By Alex Medina

Even after an all nighter, I was still studying for finals at 7 a.m. when I began to receive messages from a couple of friends telling me about the news. LAUSD had decided to shut down all the schools in the district because of an emailed threat of violence.

At first, I couldn’t believe it and thought that it was all just a lie. After turning on my television and turning to the news, I realized that it was all true. All I could really think about was how not taking big finals today would affect my grades.

Soon enough though, I began to think about the bigger picture. I would usually ignore what was going on in the world as it didn’t really affect me directly. I mean, I’m just an average 15-year-old in the so-called greatest nation in the world. I don’t really deal with the many problems that face the rest of the world.

I’ve always known about terrorism and how by nature we’ll never be at peace with one another in this world, but I would always shrug it off as just being another thing we have to deal with as humans. But LAUSD shutting down all of its schools in order to protect students from a great threat honestly spread much fear among my age group. This is a horrible thing that can really be demoralizing for teenagers.

These days, social media helps to get information out quickly, and most people my age knew about LAUSD shutting down schools the second the information was put out there. In an instant, most district students found out what had happened, but most didn’t really understand what it meant. Many of my friends and acquaintances began to message me and post things online to make others aware of the situation.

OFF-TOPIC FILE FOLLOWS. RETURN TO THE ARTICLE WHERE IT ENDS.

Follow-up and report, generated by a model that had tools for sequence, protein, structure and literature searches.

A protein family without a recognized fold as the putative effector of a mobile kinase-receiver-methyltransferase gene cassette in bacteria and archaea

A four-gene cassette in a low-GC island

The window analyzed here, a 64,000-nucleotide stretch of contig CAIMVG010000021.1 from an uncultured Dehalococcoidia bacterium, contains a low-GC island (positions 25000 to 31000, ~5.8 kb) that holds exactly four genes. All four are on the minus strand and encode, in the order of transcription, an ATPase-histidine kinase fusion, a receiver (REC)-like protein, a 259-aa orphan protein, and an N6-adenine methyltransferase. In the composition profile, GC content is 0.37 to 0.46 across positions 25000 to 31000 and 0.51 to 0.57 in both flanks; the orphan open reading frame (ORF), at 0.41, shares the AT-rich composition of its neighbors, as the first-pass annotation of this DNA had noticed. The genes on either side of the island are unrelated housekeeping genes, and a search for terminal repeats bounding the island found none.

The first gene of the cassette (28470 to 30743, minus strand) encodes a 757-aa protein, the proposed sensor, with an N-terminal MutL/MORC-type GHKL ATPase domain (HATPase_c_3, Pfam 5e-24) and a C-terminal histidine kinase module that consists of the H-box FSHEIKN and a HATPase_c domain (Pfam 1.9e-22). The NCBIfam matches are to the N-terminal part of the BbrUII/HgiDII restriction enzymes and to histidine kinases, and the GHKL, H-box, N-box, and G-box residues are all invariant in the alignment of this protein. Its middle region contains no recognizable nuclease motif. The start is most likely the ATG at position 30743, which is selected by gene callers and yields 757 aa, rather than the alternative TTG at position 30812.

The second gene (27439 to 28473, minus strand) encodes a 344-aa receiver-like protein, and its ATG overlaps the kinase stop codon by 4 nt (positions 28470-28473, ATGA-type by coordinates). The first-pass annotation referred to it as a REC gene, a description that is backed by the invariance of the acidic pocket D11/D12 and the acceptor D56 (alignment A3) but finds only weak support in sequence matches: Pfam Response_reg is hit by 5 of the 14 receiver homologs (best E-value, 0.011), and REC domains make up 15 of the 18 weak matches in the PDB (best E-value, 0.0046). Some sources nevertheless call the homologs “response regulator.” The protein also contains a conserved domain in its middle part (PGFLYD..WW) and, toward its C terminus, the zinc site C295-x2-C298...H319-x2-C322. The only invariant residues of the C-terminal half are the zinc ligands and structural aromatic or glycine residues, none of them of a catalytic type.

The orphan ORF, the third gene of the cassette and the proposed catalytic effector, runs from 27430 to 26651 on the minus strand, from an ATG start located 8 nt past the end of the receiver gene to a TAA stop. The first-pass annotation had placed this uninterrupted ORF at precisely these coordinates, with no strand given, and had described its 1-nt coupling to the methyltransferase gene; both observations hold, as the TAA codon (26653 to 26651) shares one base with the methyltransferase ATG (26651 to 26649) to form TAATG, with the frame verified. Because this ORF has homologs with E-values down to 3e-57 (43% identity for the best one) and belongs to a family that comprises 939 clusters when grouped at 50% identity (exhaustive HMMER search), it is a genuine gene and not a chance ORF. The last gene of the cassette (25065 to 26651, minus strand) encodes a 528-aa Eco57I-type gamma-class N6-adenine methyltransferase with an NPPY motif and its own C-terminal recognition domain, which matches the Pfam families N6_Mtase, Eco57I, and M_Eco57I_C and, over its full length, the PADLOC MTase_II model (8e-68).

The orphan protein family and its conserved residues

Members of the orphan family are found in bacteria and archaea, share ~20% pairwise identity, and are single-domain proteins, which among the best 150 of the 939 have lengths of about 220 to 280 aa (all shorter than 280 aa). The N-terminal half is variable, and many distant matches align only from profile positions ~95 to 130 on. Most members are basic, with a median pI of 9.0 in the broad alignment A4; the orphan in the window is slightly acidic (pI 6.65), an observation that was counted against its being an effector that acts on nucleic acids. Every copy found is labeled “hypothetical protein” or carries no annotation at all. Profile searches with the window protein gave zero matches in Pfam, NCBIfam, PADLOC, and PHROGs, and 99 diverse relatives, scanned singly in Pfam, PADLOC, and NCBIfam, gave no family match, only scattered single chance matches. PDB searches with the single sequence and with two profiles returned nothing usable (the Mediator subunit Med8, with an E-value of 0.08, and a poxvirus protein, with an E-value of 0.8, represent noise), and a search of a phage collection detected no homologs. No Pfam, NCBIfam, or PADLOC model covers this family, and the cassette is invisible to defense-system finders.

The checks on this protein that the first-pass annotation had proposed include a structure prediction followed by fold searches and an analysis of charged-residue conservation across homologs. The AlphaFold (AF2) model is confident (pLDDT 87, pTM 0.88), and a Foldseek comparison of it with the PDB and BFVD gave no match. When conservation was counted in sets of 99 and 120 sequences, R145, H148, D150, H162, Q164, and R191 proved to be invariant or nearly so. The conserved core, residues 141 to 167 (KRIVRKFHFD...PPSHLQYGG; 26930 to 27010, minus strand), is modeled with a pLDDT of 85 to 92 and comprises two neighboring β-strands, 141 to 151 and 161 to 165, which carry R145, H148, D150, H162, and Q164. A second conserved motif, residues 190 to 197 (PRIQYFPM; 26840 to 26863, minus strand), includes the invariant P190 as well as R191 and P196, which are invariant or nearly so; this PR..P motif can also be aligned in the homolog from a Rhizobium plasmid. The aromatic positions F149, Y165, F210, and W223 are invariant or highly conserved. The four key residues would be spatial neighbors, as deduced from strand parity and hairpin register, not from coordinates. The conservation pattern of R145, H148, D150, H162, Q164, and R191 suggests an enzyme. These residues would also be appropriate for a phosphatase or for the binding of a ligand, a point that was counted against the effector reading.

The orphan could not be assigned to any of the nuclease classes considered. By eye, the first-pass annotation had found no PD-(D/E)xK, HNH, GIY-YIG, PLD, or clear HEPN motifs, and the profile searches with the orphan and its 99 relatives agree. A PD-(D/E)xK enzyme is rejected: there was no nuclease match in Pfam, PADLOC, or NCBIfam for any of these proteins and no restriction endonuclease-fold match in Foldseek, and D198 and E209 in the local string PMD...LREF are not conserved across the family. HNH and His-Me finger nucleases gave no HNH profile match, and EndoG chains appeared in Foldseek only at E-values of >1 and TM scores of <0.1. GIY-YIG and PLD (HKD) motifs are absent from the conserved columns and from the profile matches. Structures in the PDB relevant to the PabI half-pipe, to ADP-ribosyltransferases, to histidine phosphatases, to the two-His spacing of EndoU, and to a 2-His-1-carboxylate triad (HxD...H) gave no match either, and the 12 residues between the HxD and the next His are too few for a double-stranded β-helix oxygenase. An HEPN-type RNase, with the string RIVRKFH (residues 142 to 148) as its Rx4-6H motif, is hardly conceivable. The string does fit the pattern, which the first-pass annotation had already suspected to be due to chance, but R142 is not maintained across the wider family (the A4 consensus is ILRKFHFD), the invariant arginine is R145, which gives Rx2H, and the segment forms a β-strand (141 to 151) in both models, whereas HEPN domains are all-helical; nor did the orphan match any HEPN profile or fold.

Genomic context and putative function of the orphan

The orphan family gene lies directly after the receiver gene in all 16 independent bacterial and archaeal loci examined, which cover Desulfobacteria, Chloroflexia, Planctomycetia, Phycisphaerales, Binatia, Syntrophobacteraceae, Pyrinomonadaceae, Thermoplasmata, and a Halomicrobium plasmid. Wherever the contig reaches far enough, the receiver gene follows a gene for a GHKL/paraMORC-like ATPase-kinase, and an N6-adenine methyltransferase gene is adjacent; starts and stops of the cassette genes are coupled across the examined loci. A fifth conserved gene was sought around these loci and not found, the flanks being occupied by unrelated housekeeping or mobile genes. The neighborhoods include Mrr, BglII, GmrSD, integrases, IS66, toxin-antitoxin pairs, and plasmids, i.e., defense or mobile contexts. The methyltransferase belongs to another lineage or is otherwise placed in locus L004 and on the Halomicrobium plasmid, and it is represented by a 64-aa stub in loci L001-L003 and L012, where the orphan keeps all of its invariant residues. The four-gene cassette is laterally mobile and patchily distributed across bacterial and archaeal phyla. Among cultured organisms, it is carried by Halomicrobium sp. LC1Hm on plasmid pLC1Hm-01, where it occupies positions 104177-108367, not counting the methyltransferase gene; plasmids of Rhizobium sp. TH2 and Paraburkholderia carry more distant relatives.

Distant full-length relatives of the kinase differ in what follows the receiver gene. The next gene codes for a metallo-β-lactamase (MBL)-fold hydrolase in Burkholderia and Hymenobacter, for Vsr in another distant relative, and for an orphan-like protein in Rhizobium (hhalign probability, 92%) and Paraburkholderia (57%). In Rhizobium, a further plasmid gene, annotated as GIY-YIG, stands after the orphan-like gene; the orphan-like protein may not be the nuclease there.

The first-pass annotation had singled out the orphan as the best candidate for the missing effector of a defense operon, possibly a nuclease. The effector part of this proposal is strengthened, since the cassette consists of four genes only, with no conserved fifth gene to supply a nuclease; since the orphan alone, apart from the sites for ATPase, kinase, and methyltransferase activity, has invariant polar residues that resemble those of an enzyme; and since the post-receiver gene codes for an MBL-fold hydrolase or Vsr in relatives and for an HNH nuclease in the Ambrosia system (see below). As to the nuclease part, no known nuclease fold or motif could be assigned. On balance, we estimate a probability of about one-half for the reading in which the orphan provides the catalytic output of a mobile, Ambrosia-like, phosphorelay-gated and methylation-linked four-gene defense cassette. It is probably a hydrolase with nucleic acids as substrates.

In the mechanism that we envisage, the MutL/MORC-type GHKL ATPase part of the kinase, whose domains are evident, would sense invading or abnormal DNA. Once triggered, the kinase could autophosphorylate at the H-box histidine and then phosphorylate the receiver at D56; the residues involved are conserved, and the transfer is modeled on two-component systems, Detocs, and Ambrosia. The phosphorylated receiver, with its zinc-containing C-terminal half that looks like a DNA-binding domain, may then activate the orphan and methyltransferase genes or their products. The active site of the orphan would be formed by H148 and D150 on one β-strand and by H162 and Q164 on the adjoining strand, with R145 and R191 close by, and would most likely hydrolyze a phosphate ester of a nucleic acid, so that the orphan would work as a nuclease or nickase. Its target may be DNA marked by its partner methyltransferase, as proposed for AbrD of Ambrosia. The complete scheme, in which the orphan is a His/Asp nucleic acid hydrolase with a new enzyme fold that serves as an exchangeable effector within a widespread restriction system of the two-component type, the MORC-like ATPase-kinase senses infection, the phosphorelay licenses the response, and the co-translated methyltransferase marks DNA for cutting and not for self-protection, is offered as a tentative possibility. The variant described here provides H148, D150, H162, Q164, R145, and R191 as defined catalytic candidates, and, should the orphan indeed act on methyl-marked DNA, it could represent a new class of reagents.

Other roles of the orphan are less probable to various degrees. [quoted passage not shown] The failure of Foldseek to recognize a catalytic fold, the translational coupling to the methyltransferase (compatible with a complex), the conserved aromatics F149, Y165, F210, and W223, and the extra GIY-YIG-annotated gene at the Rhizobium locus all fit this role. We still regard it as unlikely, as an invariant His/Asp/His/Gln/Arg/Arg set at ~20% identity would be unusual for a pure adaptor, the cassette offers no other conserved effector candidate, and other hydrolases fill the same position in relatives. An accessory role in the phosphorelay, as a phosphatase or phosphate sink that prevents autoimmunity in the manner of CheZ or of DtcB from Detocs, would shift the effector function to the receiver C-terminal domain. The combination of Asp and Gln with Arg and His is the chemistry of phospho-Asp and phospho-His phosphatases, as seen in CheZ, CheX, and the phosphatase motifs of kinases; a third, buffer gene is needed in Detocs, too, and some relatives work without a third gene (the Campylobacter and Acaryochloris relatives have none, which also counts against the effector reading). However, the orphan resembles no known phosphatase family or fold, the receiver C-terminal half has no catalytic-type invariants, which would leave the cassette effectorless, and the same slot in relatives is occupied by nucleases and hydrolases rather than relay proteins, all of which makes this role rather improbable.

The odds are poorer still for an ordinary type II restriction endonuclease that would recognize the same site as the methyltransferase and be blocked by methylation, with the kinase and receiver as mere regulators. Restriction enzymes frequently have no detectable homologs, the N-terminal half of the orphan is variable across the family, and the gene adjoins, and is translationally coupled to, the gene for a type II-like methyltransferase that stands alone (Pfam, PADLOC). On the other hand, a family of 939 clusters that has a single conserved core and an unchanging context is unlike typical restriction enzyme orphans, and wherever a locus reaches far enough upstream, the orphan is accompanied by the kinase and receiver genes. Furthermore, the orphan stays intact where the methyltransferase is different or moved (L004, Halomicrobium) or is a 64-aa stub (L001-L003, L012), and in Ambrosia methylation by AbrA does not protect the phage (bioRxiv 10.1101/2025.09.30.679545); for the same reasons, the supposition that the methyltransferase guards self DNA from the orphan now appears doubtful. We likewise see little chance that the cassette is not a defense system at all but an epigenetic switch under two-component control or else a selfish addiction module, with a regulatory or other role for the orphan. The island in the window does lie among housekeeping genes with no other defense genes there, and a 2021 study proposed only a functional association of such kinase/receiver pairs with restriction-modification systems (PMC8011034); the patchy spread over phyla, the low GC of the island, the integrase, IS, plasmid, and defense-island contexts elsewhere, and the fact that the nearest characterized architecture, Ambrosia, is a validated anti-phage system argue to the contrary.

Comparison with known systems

Some were as happy as can be. They went out with friends. Others were angry as they had stayed up all night studying, like me, and would be missing out on a final they prepared so hard for.

There were others that simply shrugged it off and thought nothing of it. Many simply denied it and were surprised when it turned out to be true, but didn’t really think much of it either. The one group of people who helped me have a deeper understanding were those who were afraid.

Fear affects every person differently. Depending how you were raised, what generation you were born into, and the way you think, you’ll fear certain things. The people who were afraid of what was going on today shared something in common. They all knew of the problems going on in the world. Every single one of them instantly knew that the horrors that they were born into could be beginning to reach their climax: America declaring another war to protect its citizens from terrorism.

When Superintendent Ramón Cortines made the announcement, he said he was using extreme caution and alluded to recent alleged acts of terrorism, like the recent mass shooting in San Bernardino.

I can understand, but don’t agree with provincial people in America who want to throw the baby out with the bathwater when it comes to terrorism. But I now think that people my age will adopt this way of thinking.  Fear is something that leads to irrational action. But it’s better to be safe than sorry, right?

I was born into an era of fear for what terrorism could bring. The fear of terrorism is what led to the many problems that plagued the world as I grew up. As I grew up, there were always people talking about the horrors of what had happened on 9/11. I used to believe that all the innocents who were lost on that day somehow could warrant the war that followed. As I entered adolescence though, I had a new perspective of things.

I read about the innocent civilians in Iraq who were killed. I heard about how desolate the whole place became. I read about those who went to war to defend their country united by a shared fear. I realized how the threat that we fear today came about from what had happened before. Now, I have a better understanding of why what happened today happened. It’s all because of fear.

Alex Medina is a sophomore at Bravo Medical Magnet High School and a youth journalist with Boyle Heights Beat.

Photo above: Flickr user Danielle Henry

Avatar photo

Boyle Heights Beat

Boyle Heights Beat is a bilingual community newspaper produced by its youth "por y para la comunidad". The newspaper and its sister website serve an immigrant neighborhood in East Los Angeles of just under...

Leave a comment

Your email address will not be published. Required fields are marked *